Thunder Bay should have two safe injection sites, feasibility study recommends
Next step to be public consultations on possible locations on north and south side of city
The results of a study examining the feasibility of setting up safe injection sites in Thunder Bay shows that a majority of people who use drugs, as well as police, health care, and social service agencies support establishing two of these facilities in the northwestern Ontario city.
"If you're someone who's angry about discarded syringes in your neighbourhood, tired of seeing people injecting in public places, then what you actually want is a supervised injection facility," said Dr. Thomas Kerr, a professor of medicince at the University of British Columbia and the study's principal investigator.
Supervised injection services create safer communities because they allow people to inject pre-obtained, illicit drugs under the direction of health care professionals, he said.
Reduces number of syringes in playgrounds, streets
"It will bring those people into a health care environment where they can get the help they need, and where they're not on the street injecting and leaving discarded syringes in streets and playgrounds," said Kerr.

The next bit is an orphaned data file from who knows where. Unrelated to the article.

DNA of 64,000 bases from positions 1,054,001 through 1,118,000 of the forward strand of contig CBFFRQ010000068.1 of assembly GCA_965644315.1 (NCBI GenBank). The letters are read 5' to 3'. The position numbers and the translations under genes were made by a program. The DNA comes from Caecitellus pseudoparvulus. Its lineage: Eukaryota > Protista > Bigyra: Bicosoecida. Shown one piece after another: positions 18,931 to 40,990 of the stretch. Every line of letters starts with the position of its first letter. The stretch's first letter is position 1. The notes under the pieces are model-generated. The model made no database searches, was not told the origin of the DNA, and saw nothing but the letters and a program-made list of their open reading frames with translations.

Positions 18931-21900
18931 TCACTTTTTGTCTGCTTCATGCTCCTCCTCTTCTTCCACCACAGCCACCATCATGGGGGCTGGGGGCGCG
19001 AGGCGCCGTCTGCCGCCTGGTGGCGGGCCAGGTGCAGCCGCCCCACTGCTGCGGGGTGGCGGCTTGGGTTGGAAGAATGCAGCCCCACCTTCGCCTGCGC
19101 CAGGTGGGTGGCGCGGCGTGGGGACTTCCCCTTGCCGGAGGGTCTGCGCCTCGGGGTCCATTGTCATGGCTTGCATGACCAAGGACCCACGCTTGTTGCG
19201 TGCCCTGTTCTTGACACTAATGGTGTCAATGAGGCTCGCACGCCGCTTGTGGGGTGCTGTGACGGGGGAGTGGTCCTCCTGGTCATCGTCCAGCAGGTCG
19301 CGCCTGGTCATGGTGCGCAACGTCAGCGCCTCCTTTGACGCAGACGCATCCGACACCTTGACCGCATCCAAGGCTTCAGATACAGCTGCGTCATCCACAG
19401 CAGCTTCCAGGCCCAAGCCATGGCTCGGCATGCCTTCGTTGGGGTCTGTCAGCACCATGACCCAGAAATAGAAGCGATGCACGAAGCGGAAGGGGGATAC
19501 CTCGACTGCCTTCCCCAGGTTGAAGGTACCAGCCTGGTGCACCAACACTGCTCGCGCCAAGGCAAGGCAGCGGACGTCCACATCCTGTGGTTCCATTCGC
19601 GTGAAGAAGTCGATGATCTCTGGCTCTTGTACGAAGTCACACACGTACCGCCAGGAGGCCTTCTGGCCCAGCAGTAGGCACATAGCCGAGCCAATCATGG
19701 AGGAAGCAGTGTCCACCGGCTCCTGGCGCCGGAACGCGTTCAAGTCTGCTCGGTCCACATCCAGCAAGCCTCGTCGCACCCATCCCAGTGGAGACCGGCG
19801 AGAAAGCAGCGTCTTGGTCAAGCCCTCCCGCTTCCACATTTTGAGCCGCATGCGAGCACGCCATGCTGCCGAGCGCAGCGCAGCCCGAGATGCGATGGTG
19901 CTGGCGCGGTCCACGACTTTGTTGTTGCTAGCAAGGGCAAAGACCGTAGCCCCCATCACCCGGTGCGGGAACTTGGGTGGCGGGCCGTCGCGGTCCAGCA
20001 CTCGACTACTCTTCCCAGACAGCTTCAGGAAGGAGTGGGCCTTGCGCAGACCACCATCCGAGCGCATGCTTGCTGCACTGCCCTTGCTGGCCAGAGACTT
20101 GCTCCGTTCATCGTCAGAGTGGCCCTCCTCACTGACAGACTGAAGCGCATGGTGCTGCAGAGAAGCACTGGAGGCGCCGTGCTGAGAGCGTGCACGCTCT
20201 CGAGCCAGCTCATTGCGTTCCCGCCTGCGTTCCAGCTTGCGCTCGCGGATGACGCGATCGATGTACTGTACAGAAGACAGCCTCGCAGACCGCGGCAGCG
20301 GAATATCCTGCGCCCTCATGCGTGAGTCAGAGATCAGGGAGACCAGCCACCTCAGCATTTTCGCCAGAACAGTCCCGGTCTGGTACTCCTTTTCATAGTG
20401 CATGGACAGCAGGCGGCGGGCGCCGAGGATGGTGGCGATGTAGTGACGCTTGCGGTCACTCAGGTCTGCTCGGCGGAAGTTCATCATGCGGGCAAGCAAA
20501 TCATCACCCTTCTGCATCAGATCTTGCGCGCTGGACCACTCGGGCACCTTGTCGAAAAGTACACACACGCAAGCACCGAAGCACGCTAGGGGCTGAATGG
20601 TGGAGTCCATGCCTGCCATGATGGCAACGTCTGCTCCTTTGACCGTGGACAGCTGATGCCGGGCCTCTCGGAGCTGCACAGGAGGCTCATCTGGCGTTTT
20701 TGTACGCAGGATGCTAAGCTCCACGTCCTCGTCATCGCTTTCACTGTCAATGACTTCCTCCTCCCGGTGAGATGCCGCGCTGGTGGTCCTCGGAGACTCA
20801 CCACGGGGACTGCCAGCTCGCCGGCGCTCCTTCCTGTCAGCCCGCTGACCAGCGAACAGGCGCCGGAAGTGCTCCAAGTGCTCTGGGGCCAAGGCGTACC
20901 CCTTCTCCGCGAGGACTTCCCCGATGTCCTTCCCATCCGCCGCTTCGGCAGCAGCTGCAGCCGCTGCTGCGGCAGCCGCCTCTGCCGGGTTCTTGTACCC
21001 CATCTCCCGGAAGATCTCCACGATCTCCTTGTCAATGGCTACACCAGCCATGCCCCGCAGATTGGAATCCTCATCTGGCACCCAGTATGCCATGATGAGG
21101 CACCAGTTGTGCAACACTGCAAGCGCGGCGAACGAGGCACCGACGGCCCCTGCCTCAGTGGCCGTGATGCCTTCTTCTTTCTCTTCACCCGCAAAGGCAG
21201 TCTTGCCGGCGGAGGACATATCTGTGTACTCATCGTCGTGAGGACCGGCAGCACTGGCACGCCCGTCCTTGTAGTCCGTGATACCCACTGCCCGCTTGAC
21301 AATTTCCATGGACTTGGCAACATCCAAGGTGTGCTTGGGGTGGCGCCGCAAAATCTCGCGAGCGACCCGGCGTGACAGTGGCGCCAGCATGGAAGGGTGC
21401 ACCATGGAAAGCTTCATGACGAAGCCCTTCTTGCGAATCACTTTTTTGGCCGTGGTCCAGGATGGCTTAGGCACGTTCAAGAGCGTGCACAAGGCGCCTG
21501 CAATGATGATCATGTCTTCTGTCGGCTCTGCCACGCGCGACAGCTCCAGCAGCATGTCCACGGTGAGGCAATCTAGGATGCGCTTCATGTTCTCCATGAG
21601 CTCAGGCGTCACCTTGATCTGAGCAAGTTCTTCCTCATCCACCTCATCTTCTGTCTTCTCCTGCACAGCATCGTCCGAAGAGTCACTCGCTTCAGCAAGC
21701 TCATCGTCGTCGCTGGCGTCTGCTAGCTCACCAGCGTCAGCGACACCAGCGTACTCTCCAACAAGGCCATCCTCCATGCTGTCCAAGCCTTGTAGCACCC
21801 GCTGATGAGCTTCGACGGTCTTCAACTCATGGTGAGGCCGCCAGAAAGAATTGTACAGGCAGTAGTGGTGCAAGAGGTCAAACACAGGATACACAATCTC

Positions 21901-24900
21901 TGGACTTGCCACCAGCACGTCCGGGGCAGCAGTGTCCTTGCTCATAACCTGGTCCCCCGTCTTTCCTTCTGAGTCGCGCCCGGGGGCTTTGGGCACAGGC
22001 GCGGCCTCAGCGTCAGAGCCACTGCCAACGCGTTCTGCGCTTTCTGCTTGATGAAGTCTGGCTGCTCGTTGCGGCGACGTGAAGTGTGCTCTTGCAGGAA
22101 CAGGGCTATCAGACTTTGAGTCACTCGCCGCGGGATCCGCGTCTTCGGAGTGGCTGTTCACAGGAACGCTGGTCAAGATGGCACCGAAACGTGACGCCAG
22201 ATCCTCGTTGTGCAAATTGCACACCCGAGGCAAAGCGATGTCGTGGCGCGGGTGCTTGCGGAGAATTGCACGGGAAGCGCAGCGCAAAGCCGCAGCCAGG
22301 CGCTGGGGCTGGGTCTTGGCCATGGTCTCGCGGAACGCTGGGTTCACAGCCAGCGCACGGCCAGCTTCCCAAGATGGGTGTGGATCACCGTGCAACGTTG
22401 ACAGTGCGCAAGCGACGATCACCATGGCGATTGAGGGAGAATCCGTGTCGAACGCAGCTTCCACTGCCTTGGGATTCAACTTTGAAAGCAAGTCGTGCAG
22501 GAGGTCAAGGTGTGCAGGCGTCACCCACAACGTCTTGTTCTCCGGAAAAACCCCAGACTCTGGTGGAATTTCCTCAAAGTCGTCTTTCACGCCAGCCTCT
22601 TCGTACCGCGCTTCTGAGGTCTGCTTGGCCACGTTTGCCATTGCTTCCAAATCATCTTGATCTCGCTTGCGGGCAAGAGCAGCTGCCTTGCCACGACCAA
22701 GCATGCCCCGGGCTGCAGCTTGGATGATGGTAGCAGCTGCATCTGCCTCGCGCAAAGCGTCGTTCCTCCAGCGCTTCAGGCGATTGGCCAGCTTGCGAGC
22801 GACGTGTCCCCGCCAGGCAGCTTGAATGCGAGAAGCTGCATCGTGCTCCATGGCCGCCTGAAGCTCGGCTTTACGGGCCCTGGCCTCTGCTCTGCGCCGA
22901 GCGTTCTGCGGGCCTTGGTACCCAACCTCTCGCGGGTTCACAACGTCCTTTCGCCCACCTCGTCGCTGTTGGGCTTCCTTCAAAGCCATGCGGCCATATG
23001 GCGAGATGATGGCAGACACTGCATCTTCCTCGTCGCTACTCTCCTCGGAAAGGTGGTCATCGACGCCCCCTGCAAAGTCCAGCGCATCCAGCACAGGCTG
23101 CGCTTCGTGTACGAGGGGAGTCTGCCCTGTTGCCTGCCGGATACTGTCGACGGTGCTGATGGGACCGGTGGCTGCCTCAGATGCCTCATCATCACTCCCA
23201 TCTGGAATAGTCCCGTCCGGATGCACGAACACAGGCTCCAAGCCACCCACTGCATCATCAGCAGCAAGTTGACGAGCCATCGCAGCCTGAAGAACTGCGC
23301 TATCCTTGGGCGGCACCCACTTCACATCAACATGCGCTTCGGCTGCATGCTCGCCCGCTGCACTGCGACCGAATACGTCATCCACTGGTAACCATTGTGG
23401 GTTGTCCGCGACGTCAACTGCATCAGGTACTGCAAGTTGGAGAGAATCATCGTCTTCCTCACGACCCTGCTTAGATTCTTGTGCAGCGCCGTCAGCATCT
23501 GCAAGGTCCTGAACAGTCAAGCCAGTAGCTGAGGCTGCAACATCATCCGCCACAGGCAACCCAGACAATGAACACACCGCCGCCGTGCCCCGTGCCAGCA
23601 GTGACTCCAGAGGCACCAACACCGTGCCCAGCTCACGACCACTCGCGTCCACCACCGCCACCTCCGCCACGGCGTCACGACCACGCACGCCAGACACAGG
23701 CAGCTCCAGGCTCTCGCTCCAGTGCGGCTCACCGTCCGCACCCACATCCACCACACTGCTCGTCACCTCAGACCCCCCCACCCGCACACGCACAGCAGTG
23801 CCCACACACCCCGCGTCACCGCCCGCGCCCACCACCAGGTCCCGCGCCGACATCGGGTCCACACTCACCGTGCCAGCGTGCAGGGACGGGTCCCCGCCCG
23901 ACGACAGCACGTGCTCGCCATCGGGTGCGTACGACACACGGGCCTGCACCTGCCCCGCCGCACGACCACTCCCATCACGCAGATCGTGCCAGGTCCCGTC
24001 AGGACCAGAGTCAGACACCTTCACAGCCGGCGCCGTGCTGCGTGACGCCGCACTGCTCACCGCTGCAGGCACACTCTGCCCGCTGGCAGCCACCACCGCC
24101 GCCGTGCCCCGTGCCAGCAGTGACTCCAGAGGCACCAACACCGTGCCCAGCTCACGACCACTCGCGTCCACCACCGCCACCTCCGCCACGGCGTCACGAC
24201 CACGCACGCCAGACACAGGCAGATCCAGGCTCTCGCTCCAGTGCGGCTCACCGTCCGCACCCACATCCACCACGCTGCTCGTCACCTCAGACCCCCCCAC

Of the 200 drug users, who were interviewed for the study, 69 per cent would be willing to use a safe injection site, with a few conditions.
"The truth is people will not walk miles and miles and miles to use these facilities. They need to be close and accessible to where people live, and where they buy or consume drugs," said Kerr, explaining why the report recommends that safe injection sites be set up on both the north and south side of Thunder Bay.
Create hubs with health, social services
The other key recommendation is that these facilities be integrated with other health and social services, which would offer people access to education, housing, a referral to a detox program or even just the opportunity to take a shower and cook a meal.
"To me it's a win for everybody if we can actually establish a supervised injection site," said Rebecca Johnson, a city councillor and the chair of the Thunder Bay Drug Strategy. "
I think there is a win for the individuals who are using drugs and I think there is a win for the community at large in that we are addressing a very serious health issue," she said.
The next step is to hold public consultations on potential locations for these sites, said Johnson.
She hopes a supervised injection site can be set up in Thunder Bay within a year.
The Ontario HIV Treatment Network and the Thunder Bay Drug Strategy launched the feasibility study in March 2016.